Understanding Singular and Plural InSpec resources

InSpec enables you to automate compliance by expressing the expected state of many things. A common need is to find a group of things, then examine them in detail.

If you are using the cloud, you know that cloud security is paramount, but difficult to keep enforced. Even if you have your infrastructure creation automated, it is still possible, through error or malice, for an individual using other means (such as a web UI) to make changes to your infrastructure that may go undetected.

Positive tests – “this thing should exist, and be configured in this manner” are often available using the infrastructure provisioning tools.  But from a compliance and security standpoint, it is often the negative tests that are of more concern – “This and only this should exist; nothing should be configured in this insecure manner.”  Provisioning tools are generally not able to detect such things.

InSpec addresses this problem by loosely categorizing its resources into two groups: resources that are able to list all members of a resource type, and resources that are able to examine a resource type in detail. We call these plural and singular resources, and name them accordingly.

For example, in your AWS environment, you may wish to check your firewall rules, called “security groups.” InSpec provides an “aws_security_groups” resource that specializes in listing and filtering the security groups, as well as an “aws_security_group” resource that allows you to audit an individual group in-depth.

control "No group should allow in port 22" do
  aws_security_groups.security_group_ids do |security_group_id|
    describe aws_security_group(security_group_id) do
      it { should_not allow_in port: 22 }
    end
  end
end

InSpec’s output will treat this as one control, with one test for each security group. If a security group violates the policy by allowing in port 22, that individual test will fail, with clear output identifying the security group by ID.

But plural resources don’t have to enumerate all members of the resource type. All plural resources support powerful filtering mechanisms.

For example, you might want to ensure that all IAM users on your AWS account have multi-factor authentication:

describe aws_iam_users.where(have_mfa_enabled?: false) do
  it { should_not exist }
end

This is a common pattern using a plural resource to express non-existence. It is faster than the plural-singular construction above, but the output when failing is less clear (it will indicate that there is at least one user without MFA, but not which). One way around that is this idiom: list the matching usernames, and expect the list to be empty. If the list isn’t empty, the offending username(s) will be shown.

describe aws_iam_users.where(have_mfa_enabled?: false) do
  it { should_not exist }
  its('usernames') { should cmp [] } # Less readable, but failure output is better
end

You can also execute arbitrary code in the where block. Suppose your AWS networking setup is configured such that your application VPCs all have IP address blocks that begin with 10, while your admin VPCs begin with 172. You can select them using aws_vpcs, and have Ruby’s IPAddr class perform the subnet calculations.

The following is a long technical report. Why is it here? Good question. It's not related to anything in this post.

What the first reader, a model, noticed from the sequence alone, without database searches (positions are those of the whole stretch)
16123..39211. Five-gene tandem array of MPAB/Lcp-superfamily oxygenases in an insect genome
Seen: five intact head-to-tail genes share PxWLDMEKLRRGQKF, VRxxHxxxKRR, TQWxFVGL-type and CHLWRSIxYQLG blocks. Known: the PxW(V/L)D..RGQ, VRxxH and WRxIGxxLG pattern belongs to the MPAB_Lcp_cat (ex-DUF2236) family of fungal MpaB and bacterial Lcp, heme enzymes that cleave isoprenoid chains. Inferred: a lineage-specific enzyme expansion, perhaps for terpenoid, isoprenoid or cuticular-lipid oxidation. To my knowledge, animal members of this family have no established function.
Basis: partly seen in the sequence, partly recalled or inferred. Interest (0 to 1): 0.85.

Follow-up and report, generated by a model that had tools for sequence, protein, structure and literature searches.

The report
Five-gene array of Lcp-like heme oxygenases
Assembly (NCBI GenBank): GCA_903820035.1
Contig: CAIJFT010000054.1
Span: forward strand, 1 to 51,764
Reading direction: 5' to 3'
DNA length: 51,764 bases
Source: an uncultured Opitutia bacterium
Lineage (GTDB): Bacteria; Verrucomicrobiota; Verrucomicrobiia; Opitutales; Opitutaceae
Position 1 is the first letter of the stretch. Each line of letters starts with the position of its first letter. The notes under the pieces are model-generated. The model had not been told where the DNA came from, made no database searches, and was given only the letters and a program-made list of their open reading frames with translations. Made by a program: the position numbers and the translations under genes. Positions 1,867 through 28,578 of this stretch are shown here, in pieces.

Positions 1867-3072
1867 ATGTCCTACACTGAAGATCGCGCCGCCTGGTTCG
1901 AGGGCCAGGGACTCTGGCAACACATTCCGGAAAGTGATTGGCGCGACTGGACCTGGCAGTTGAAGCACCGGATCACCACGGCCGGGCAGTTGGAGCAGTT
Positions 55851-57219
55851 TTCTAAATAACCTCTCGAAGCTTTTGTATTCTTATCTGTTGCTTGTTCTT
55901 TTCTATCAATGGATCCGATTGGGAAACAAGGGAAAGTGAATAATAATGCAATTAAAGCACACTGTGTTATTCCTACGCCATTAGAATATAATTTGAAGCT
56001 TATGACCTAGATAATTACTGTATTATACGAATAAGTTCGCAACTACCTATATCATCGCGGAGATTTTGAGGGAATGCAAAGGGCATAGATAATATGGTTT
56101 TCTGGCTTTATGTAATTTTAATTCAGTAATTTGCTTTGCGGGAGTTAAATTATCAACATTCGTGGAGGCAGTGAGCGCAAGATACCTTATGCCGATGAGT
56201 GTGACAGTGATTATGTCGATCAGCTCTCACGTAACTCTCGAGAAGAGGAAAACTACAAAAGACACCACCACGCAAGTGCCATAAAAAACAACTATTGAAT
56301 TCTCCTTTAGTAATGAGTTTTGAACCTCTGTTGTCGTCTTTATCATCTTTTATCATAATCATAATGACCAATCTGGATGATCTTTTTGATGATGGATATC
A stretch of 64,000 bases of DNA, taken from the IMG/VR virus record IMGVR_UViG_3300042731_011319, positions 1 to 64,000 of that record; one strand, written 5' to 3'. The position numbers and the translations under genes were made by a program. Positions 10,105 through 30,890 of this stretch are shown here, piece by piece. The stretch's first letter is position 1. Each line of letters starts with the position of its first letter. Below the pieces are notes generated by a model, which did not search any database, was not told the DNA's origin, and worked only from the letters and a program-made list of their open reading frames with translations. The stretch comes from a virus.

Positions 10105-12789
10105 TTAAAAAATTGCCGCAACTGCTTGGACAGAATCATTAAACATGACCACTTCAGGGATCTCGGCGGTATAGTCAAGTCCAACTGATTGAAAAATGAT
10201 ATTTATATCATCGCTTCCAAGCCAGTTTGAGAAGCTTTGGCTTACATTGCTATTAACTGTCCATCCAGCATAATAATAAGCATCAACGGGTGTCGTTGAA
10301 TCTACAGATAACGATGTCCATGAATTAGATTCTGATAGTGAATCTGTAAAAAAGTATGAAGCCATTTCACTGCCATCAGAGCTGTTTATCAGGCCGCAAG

require 'ipaddr'
# List all application VPCs
aws_vpcs.where 
  { IPAddr.new('10.0.0.0/8').include?(cidr_block) }.vpc_ids do | vpc_id|
  # Find the default security group in the VPC
  describe aws_security_group(group_name: 'default', vpc_id: vpc_id) do
    # Make sure it does not allow in any traffic by default
    it { should_not allow_in() } 
  end
end

With the recent release of InSpec 2.2, several enhancements have been made to the facility that supports the “plural” resources, improving consistency, performance, and fixing some bugs and unpredictable behavior.  

  • Lazy Column Loading. A plural resource may now defer populating columns until they are accessed. The aws_iam_users resource has been updated to take advantage of this feature, and its performance is greatly improved.
  • Developer Documentation. The support library is now fully documented, allowing project developers and community contributors to understand it more quickly and leverage less-well-known features.
  • Standardized Features. All plural resources now receive the where, raw_data, entries, count, and exist? methods automatically. This reduces copy-pasting when making a new plural resource, and allows InSpec users to leverage prior knowledge: “If it ends in s, I can call where and count…”
  • Several Bug Fixes. Several defects and surprising behaviors have been corrected, primarily around exception handling and validation.
  • Enable Future Self-Documentation. By more clearly differentiating the intent of each property in the resource codebase, we have cleared the path to being able to generate documentation from the code itself.

If you’d like to check out singular and plural resources working together, try out some of these resources:

aws_security_group / aws_security_groups
package / packages
aws_ec2_instance / aws_ec2_instances
Author Clinton Wolfe

Clinton Wolfe is a software engineer at Chef, helping build the cloud functionality of InSpec. In a previous life, he was a DevOps consultant, which meant he voluntarily chose to go into heavily siloed, dysfunctional organizations and try to get them to talk to each other with as few stabbings as possible. He is especially interested in testable infrastructure, and the processes needed to support quality and compliance throughout the application lifecycle.